EPA and “Inherently Safer Technologies” Convolute the Issue
ACA strongly opposes well-publicized efforts by some environmental advocacy groups which have called upon EPA to develop new chemical security regulations that would impose so-called “inherently safer technology” requirements, using what these groups contend is EPA’s authority under the general duty clause of Section 112(r) of the Clean Air Act Amendments of 1990.1 In a May 16, 2012 letter to the White House, these advocacy groups assert that this measure is necessary because of what they claim is the failure of Congress to act responsibly. In fact, the heavy-handed approach that these groups are asking EPA to consider imposing on regulated facilities has been thoroughly considered by several Congresses and consistently rejected. The program that Congress has developed and reauthorized on several occasions — CFATS — while not yet fully implemented by DHS, has already accomplished many of the goals that the environmental advocacy groups claim to seek, including the fact that approximately 3,000 sites have reduced risk by voluntarily changing their ingredients or processes. The entry of EPA into this homeland security area will not improve security, but will create additional overlapping and duplicative requirements that will impose heavy new burdens on industry without improving security.
On Feb. 28, 2013, Representatives Mike Pompeo (R-Kan.), Jim Matheson (D-Utah), Billy Long (R-Miss.), and Bob Latta (R-Ohio) sponsored legislation (H.R. 888, the General Duty Clarification Act) that would bar EPA from regulating chemical facility security under the Clean Air Act’s general duty clause to mandate installation of “inherently safer technologies” at chemical facilities. The General Duty Clarification Act would require EPA to institute a transparent rulemaking process to clearly define facility obligations under the General Duty Clause of the Clean Air Act, and to ensure proper future application of the clause, based on Congressional intent. The bill affirms that chemical facility security remains under the exclusive jurisdiction of the DHS, thus precluding EPA regulation. ACA and the coatings industry support maintaining DHS’s jurisdiction over chemical facility security.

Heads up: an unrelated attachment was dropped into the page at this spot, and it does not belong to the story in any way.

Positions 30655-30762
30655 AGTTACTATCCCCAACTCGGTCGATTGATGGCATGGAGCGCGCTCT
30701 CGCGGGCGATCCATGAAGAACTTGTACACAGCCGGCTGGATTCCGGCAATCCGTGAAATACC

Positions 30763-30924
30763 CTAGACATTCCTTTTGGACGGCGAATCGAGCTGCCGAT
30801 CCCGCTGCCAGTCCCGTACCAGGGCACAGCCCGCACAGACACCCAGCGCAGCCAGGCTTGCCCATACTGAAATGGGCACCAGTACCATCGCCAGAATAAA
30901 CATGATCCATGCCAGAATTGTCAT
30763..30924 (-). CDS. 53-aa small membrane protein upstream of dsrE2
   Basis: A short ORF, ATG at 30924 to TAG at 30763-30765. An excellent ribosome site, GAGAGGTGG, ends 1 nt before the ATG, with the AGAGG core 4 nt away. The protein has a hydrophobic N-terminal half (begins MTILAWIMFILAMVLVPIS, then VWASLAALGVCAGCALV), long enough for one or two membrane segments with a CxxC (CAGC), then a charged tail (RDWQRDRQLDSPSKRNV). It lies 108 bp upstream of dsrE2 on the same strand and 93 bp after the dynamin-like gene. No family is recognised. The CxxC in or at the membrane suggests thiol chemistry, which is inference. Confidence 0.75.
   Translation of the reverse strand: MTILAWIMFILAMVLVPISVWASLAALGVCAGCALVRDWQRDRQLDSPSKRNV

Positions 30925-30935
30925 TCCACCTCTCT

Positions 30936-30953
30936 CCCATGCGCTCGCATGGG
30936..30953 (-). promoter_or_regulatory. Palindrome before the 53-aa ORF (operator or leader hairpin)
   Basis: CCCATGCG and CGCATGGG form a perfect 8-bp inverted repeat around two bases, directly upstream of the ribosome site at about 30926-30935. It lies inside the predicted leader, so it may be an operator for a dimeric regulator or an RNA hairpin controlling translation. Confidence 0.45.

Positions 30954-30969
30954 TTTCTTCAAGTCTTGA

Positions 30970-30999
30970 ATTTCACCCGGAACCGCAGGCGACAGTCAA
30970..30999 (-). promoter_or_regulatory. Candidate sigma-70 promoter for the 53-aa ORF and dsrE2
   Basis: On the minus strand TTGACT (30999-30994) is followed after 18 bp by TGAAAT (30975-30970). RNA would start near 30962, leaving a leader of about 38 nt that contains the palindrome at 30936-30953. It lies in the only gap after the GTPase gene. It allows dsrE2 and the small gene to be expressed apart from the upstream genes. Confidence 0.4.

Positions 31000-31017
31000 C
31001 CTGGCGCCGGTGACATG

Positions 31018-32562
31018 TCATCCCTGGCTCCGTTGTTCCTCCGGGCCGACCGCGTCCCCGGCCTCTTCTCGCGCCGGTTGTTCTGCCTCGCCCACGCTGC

CFATS Personal Surety Program
In light of the problems of implementation noted earlier, a recent DHS CFATS Information Collection Request (ICR) related to implementation of the personal surety program requirements mandated by Risk Based Performance Standard 12 is another source of concern for ACA and industry. 2 This ICR is a step in the creation of a regulatory standard that will control access into CFATS facilities. However, instead of complying with the risk-based framework mandated by CFATS, DHS intends to implement a rigid vetting program based on information gathering, rather than enabling a system that focuses on making a facility more secure. The personal surety program under review will require companies to submit to DHS the names of personnel (e.g., employees, contractors, and visitors) who are granted unescorted access to critical assets at least 48 hours prior to gaining access. The intended purpose is to enable DHS to screen their names against its Terrorist Screening Database (TSDB). As a result, facilities that have hundreds or even thousands of entries daily could suffer major disruptions to operations, or be forced to assign plant personnel as escorts for the many visitors they might receive on a daily basis.
ACA and other affected industry groups have recommended that DHS instead allow companies the option to accept existing federal fingerprint-based background check credentials (such as the joint TSA-U.S. Coast Guard Transportation Worker Identification Credential (TWIC) and the Customs and Border Protection’s FAST (Free and Secure Trade) card to satisfy all the requirements of RBPS-12 without creating a redundant program that ultimately provides no additional security value and is inconsistent with the risk-based performance standards model established by Congress to govern chemical security.
For more information, contact:
Allen Irish, Counsel & Director of Industry Affairs; (202) 462-6272 or email@example.com
1 Section 112(r)(1) of the 1990 the Clean Air Act amendments, commonly known as the General Duty Clause, requires owners and operators of stationary sources to work to identify and prevent accidental releases of hazardous substances.
2 Criticisms of an earlier personnel surety ICR by ACA and other organizations led ISCD to withdraw the proposal from OMB.
consideration last summer in advance of Congressional hearings.